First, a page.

Working from home sounds easy in principle but it can be quite challenging. The tips below may seem simple on first read, but most of it can be very tricky to implement correctly. I encourage you to make plans as you read these ideas, and check back weekly to compare your progress until you feel you have mastered all the points below. Good luck.
Getting Organized at Home
Clarify your work schedule with your household
Adapting to working from home is a challenge for you as well as the people in your life. You can make the process easier for everyone when you formally define your work space and hours. Inform the people around you that during that time you are not available, even if you happen to be near them. This can apply to family members as well as neighbors that might drop in seeing that you are home.
Establish a work routine
One of the things that mistakenly goes first is the routine. It’s tempting to skip some steps, but routine is your first line of defense to have a framework conducive to being productive and comfortable.
Your schedule may have been adjusted at home, but you still need to establish work-life balance. Begin that balance by maintaining typical steps in your routine which may include things you did before to prepare for going to work: showering in the morning, ironing and wearing working clothes, grooming, keeping a timetable for coffee and breakfast.
What was in your routine before should probably still be there now. This is your first daily step to keep control and start the day right.
Establish a work space
When working from home, the blurred lines between work time and home time can be disorienting. Establishing a work space can help create barriers between your work duties and the enjoyment of your personal time. Ideally, you would have a dedicated desk and devices for your work duties, and a door you can close when the work day is done. This applies to having dedicated communication channels for work, like a phone line and email separate from your personal stuff.
Try to follow typical break rules set by your workplace. In addition, when you work from home you are typically moving less, and on your feet less, which can have a detrimental effect on your health. It is important that you respect your scheduled breaks, and use them to get up and move around.
A very important bonus would be to add some exercise breaks as well, even a couple short 5-mins sessions of simple body-weight exercises can have a positive impact on your overall health and your mood.
Leave the building
Make sure to take time for yourself outdoors. This can be taking a walk or visiting the backyard. Sun exposure is important for many reasons, including maintaining an adequate level of vitamin D.
Work hours are for work
When you work from home it is very easy to get sidetracked or pulled away. The best approach to stay organized and productive is to be rigid about your work hours. When you are at a work, you work, period. No personal messaging, no checking the news, no watching clips or chatting with anyone. Work hours are for office use only. You can do non-work things during the scheduled breaks, but don’t let those things invade your concentration during productive time.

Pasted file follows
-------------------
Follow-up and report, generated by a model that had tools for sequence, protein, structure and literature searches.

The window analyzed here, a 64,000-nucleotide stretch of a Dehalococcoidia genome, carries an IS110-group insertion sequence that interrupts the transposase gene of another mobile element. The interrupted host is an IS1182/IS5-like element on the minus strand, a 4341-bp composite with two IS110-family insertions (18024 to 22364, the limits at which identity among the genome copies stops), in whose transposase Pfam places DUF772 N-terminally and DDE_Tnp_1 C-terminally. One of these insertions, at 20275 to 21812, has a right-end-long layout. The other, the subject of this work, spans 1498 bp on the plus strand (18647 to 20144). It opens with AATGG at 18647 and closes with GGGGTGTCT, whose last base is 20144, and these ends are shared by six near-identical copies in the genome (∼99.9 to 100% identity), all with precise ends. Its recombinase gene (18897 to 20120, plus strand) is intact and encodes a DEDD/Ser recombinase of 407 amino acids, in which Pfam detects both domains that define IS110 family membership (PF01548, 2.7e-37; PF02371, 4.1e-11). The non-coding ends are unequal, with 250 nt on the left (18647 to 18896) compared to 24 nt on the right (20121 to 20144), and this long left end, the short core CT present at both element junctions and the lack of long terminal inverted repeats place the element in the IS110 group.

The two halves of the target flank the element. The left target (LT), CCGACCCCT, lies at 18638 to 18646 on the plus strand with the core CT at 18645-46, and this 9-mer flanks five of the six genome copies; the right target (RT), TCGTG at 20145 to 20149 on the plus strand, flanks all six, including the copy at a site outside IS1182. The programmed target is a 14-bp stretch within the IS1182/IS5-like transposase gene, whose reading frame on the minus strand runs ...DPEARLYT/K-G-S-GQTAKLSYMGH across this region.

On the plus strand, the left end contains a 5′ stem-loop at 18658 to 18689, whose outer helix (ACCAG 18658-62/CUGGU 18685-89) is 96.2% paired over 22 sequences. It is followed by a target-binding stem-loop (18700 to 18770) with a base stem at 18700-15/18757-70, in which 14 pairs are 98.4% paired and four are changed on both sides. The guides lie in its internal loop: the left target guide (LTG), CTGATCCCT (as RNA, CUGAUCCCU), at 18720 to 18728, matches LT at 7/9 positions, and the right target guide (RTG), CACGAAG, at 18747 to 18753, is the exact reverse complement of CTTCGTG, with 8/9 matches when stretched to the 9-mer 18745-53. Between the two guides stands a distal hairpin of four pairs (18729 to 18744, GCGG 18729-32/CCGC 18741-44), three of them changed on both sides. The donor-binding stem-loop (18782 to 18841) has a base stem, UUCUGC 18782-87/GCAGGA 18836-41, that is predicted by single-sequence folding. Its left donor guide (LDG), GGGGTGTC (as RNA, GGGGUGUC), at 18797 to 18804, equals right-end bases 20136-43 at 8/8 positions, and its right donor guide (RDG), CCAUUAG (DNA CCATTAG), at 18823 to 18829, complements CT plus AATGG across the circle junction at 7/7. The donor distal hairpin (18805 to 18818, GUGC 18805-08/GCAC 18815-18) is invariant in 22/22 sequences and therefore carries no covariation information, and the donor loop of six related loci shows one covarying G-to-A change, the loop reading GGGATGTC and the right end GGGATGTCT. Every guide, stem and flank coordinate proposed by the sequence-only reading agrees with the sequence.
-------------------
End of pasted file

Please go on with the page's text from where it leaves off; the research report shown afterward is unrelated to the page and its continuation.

Communicate more often
It can be easy to forget just how much we rely on each other to solve problems, find the meaning in things, and figure out what to do and how to do it. When you are working from home you are missing out on the advantage of being surrounded by others, and you are also depriving others of the advantage of working more closely with you.
Make a point of communicating more often with all your regular work people. Those that depend on you for instructions, and those that require reports from you. Send emails more often, elaborate more, and welcome anyone that requires more communication.
Spend more time in social interactions with colleagues
Teams get stuff done, strangers just get in each other’s way. When you are at a distance you are losing rapport with your team. Make a point to take extra time to have social interactions with your colleagues, bosses, and directs. This could be as simple as starting or ending every call with some small talk, as long as you are communicating often.
Schedule regular calls to stay connected
A great way to maintain constant communication is to establish a weekly 1-on-1 call with each of your people. Having it fixed on the schedule means everyone knows to expect it. Even when there doesn’t seem to be a particular topic to discuss, these meetings are essential to maintain rapport, and get a sense for how things are going on the other end. But most of the time there will be important work topics to discuss as well, so keep the scheduled calls going indefinitely.
End the day with routine
Just as you start your day right by following routine, having a routine for ending the day can be very healthy and productive. It helps reinforce the separation between work and home life, and can help you clear your mind and leave the work behind for the day. This might be a process for shutting down your home office, catching up with the news, or some routine form of exercise. Make a point to end the day with some habits that “close the door” on the work day.